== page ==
Wednesday 6 May 2015

What shall I do with all those eggs? (part 1)

Make cakes, of course! All four of the cakes in this series, made over the past few weeks as an escape from blogging about the newspaper cutting found in a hole in the fireplace and the history of the First World War, have something in common - an unusual technique of combining the raw materials.

What are they doing with our eggs, Blanche?

They also use plenty of eggs. All four serve 8 - 10 people.

Our hens produce borderline medium/large eggs. An egg must weigh at least 64 grammes to be called Large. Ours are almost all between 59 and 66 grammes, the average is 62 grammes.

Alice bangs out a 61gm egg every afternoon, amid a great deal of palaver from Blanche.

I'd really like to have some chicks....

Blanche is having a little trouble settling into a rhythm.

B*gg*r chicks, where's my lunch?

She is producing more than one egg a day, more than her eggshell-plating mechanism can cope with, which means soft-shelled eggs that usually get stepped on and broken. We hope things will improve with time, meanwhile we are feeding her an exclusive diet of layer's mix and chafer grubs, and providing a calcium block to peck at.

The first cake was for the Cake Club, on a theme of "Spring is sprung". I christened it "Pumpkin Surprise Cake", the surprise being that there isn't any pumpkin in it. The basis was Light Sponge Cake from the National Trust's book "Good Old-fashioned Cakes" - a present from Jean, for which profuse thanks.

Wot no pumpkin?

This recipe originated at Chirk Castle in Wales, where the cake appeared regularly at afternoon tea. It's great as a plain sponge cake, served on its own, or with fruit and cream.

I doubled the quantities to make two 21cm (8 inch) cakes for a sponge sandwich.

400g (14 oz) sugar
5 of our hens' eggs or 6 medium or 4 large eggs
300g (11 oz) plain flour
A pinch of salt
2½ teaspoons baking powder
½ teaspoon bicarbonate of soda
200ml (8fl oz) milk
100g (3½oz) butter
100g (3½oz) butter
½ tsp vanilla essence

If using self-raising flour, omit the bicarbonate of soda and reduce the baking powder to 1 teaspoon.
  1. Grease two 21cm cake tins and line them with baking parchment or greaseproof paper. Put the sugar and eggs in a large pyrex bowl and beat using an electric beater, until the mixture is thick and creamy. Add the flour, salt, baking powder and bicarb (if using) and mix well.
  2. Oven on, 160°C / 325°F  / gas mark 3.
  3. Put the milk and butter into a small pan and bring gently to the boil. Pour the boiling milk over the flour mixture and add the vanilla essence. Beat well. The mixture should be of quite a runny consistency. Pour into the prepared tins and give each tin a sharp bang on the table to release bubbles.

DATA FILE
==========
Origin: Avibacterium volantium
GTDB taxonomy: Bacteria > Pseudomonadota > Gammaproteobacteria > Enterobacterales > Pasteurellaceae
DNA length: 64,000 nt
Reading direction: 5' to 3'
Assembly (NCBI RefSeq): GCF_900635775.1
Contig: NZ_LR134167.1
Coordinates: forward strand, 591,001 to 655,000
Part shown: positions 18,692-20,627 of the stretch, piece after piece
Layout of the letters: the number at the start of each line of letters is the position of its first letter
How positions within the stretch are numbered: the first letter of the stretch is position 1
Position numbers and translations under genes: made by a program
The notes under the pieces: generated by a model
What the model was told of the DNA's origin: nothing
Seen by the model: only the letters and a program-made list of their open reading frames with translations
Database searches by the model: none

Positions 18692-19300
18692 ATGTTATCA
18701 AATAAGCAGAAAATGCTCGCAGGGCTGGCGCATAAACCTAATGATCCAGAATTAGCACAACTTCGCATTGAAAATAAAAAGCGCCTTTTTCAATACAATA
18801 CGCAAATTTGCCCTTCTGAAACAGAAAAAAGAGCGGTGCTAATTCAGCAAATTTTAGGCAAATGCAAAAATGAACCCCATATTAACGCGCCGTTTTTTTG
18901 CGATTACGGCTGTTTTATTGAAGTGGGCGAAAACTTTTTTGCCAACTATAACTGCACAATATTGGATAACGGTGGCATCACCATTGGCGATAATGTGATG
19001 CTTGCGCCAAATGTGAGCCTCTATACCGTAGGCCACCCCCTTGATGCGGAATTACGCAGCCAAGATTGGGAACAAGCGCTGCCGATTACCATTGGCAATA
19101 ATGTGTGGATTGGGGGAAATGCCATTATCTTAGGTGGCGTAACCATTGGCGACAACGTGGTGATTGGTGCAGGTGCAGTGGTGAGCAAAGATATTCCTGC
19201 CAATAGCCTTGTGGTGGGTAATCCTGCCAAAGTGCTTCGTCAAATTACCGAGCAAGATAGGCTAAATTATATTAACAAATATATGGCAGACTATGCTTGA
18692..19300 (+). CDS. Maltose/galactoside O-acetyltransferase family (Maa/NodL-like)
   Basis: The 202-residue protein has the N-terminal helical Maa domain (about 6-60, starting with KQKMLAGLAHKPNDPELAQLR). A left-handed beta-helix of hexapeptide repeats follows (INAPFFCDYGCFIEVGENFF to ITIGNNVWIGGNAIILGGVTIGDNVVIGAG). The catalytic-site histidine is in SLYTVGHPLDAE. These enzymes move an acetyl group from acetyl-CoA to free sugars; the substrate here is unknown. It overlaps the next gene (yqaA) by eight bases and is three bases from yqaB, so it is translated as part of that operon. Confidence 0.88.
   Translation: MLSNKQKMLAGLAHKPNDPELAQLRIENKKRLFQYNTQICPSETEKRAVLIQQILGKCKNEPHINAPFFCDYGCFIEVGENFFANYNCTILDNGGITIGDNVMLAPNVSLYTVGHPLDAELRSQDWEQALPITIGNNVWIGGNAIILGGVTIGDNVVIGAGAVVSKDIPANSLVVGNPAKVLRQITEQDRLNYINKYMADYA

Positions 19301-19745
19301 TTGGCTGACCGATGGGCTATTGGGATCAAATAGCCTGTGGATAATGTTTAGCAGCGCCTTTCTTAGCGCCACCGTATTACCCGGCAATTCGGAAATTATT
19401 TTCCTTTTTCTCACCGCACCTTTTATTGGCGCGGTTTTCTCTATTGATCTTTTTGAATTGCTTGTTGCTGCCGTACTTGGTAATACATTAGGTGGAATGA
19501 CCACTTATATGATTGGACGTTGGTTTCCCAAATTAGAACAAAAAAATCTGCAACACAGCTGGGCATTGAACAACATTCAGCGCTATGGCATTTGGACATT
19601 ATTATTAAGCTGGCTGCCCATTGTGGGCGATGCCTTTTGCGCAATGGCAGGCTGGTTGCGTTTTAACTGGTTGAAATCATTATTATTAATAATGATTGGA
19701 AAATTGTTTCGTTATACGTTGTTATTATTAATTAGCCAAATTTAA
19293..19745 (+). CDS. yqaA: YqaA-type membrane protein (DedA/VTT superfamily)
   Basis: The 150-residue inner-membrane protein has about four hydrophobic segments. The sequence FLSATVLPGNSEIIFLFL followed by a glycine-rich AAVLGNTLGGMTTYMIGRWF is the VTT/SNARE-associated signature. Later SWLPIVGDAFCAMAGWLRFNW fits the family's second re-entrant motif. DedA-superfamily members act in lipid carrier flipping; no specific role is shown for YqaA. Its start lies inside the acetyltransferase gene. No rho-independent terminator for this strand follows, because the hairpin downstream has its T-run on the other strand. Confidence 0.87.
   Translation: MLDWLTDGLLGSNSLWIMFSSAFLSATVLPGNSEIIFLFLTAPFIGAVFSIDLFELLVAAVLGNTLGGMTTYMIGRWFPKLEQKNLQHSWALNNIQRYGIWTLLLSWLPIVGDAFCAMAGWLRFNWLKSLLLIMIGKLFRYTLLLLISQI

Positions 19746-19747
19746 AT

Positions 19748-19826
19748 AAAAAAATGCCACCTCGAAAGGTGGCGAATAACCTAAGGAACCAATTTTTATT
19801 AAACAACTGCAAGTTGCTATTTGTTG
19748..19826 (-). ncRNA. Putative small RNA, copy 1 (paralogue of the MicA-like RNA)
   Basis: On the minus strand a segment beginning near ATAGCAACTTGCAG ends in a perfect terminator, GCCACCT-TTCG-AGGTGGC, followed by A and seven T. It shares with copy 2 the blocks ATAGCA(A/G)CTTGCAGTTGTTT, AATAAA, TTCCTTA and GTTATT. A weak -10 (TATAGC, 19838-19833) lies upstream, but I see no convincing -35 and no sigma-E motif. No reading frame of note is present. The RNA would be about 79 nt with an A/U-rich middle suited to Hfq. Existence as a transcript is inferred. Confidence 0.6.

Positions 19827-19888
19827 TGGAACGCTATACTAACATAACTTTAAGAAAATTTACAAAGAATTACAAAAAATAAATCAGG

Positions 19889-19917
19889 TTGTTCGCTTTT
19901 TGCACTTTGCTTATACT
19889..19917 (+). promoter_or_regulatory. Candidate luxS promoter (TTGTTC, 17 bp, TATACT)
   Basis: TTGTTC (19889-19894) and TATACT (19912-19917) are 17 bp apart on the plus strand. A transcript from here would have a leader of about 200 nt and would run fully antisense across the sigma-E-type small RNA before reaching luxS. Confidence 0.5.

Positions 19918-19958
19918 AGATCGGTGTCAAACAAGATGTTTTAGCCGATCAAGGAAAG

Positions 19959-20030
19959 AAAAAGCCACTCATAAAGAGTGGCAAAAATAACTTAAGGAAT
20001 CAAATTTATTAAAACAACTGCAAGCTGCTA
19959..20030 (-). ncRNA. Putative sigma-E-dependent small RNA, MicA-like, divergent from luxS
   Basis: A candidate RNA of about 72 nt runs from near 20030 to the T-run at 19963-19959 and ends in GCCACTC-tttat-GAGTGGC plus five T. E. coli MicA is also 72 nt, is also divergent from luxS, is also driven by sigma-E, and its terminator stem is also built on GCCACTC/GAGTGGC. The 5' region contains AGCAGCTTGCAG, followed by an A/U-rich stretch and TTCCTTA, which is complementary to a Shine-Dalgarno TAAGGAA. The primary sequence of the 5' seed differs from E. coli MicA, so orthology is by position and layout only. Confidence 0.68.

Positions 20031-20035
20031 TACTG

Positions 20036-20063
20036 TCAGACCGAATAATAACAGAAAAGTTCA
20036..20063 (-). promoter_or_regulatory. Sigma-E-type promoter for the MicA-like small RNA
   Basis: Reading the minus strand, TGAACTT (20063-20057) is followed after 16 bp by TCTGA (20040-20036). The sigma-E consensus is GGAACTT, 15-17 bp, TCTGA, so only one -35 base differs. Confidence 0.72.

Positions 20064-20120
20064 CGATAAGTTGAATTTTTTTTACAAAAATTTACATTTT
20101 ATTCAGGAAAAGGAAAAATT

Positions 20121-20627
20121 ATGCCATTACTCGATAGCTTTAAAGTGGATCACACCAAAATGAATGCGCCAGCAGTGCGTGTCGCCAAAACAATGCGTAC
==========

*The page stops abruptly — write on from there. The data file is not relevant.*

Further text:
4. Bake for 40-50 minutes until the cake no longer wibbles when you move the tin and the tip of a proddler skewer comes out clean.
  5. Allow the cake to cool for 15 minutes before removing it from the tin, then place it on a wire rack to cool completely. I've made this cake twice now and both times it came out a bit "sad" (sunken in the middle). This is intentional of course - you can fit in more filling.
Icing was an unrepeatable orangey buttercream based on a topping for Screwdriver cupcakes, combining homemade Clementine syrup and Seville Orange Vodka with icing sugar and butter. This was slathered between and over the cakes and decorated with slices of homemade Confit de Clementine and wild violets from the front garden. Actually Tim decorated it but I picked the flowers. I went to wash my hands and he nipped in before I came back.

And it featured on the front page of the CCC web site!

That's my cake, that is! And to the right that would have been my branch had I not moved to France!


GaynorB said...

We weren't there so couldn't taste this one, but it looks fantastic and I'm sure tastes delicious.

Seems like a pretty good way to use up your eggs.

Jean said...

Your cake for cake club was gorgeous and its place on the website is well deserved!
As Lulu has cheesey egg for breakfast every day and we also do a fair amount of baking, I could happily buy any spare eggs from you every week.

Tim said...

Wot spare eggs?
And I enjoy decorating cakes...
and eating them of course!!

Salvo's is a wonderful Italian restaurant...
just a stroll away from one of our favourite pubs... Arcadia!!
Says it all really...

Vera said...

Lovely cake, and have made a note of the recipe and will have a go at making it when we find the eggs which the hens tell us they are still producing, but are not telling us where they have hidden them!